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Princess: Based on Hans Christian Andersen's the Princess and the Pea

Princess: Based on Hans Christian Andersen's the Princess and the Pea

by Anne Wilsdorf, Hans Christian Andersen (Based On Work by)

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Editorial Reviews

Publishers Weekly - Publisher's Weekly
The author and illustrator of Philomene returns with a witty revision of Hans Christian Andersen's ``The Princess and the Pea.'' Shunning his mother's list of marriageable girls, an enterprising young prince brings home a shepherdess named Princess. His dubious mom tests the girl's bona fides with the old pea-under-the-mattress trick. Come morning, Princess is indeed black-and-blue, but not for the reason her delighted mother-in-law-to-be thinks: it turns out the girl simply fell out of bed during the night. The text, translated from the French, is jolly but unevenly paced, with perhaps too leisurely a buildup to Princess's entrance. The book's great charm lies in animated watercolors, with their Thurberesque ink lines. In typical Wilsdorf fashion, delectable details abound, from the endpapers dotted with canned peas to the palace pet (a cheerful winged gremlin), to a wee mouse reading a book in a castle cranny. A delightful romp. Ages 4-up. (May)
School Library Journal - School Library Journal
K-Gr 3-- In this augmented traditional tale, Prince Leopold's mother wants him to marry a real princess, so Leopold rides off to slay a monster and win a wife. But when he beheads the dreaded videopteryx, he finds a princess too busy watching television. He stuns the antiseptyx, but this princess has a cleaning obsession. Others, too, are equally inappropriate. Seeking shelter from the rain, the prince shares a shed with a shepherdess named Princess who suits him just fine. Back at the castle, Hans Christian Andersen's ``Princess and the Pea'' frame now comes into play. But here it is a fall from the pile of mattresses that logically gives the young woman all those bruises (rather than the pea placed at the bottom of the stack) and a wedding is arranged at once. Wilsdorf's bright watercolor and black-line cartoons heighten the playfulness of the story. Details such as Leopold's family dog with dragon wings, the expressions of the incredulous horse, and the humorously scary monsters invite readers to laugh. Pea-strewn endpapers help alert readers to the story's antecedent. This version doesn't belong on the shelf with ``Princess and the Pea'' versions illustrated by Paul Galdone or even Janet Stevens, but it can take its place alongside the ever-increasing number of titles such as Stephanie Calmenson's The Principal's New Clothes (Scholastic, 1989), Babette Cole's Princess Smartypants (Putnam, 1987), and others that fool with folktales. --Susan Hepler, Alexandria City Public Schools, VA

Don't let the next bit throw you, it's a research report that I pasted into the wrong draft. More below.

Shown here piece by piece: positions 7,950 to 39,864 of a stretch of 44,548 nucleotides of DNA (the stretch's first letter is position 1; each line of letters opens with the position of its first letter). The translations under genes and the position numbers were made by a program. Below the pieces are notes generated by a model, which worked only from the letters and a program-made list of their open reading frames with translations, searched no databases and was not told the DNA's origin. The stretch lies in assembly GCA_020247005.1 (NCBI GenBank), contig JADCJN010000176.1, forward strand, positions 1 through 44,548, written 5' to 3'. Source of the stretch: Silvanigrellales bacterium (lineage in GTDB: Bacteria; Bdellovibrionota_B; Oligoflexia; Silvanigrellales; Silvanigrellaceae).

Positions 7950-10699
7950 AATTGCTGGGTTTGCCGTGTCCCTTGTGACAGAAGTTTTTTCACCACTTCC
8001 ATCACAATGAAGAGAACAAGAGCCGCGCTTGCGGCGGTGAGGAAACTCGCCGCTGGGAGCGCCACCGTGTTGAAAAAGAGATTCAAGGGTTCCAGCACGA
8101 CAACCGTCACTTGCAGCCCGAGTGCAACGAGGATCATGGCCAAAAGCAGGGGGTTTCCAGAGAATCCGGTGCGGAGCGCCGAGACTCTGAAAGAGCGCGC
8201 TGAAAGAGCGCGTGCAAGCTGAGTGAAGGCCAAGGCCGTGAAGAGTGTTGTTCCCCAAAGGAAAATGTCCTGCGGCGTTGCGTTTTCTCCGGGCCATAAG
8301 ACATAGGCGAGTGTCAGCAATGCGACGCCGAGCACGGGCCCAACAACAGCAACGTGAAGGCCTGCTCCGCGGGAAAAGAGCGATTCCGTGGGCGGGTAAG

Lisa Napoli
Like many restless teenagers, Prince Leopold dreams of "adventure, travel, and love" and has a problem with an overbearing mother. The Queen lets Leopold go in search of a wife and, insisting that he can marry only a "certified genuine princess," sends him off with a list of candidates. Enthusiastically, the Prince gallops away in armor to battle the various monsters guarding princesses. Among others, he conquers a "ferocious antiseptyx," a three-headed "Narcissyx," and a "horrible videopteryx"--the respective guards of a princess who's too clean, a princess who's too vain, and a princess who watches too much television. Leopold finally meets an unassuming shepherdess (with no particular obsession), who happens to be named Princess and is looking for a shepherd to marry. He brings her to the castle, where the skeptical Queen applies the "pea" test, and Princess unknowingly and humorously convinces the Queen that she is a CGP. Wilsdorf's watercolor illustrations have a touch of wit that matches her text (though kids may not get the jokes). She evokes plenty of movement in the pictures, and her characters have expressive faces--the monsters are especially comical. A humorous "Princess and the Pea" story with a modern twist.

Product Details

HarperCollins Publishers
Publication date:
Edition description:
1st ed
Product dimensions:
7.41(w) x 10.73(h) x 0.36(d)
Age Range:
4 - 8 Years

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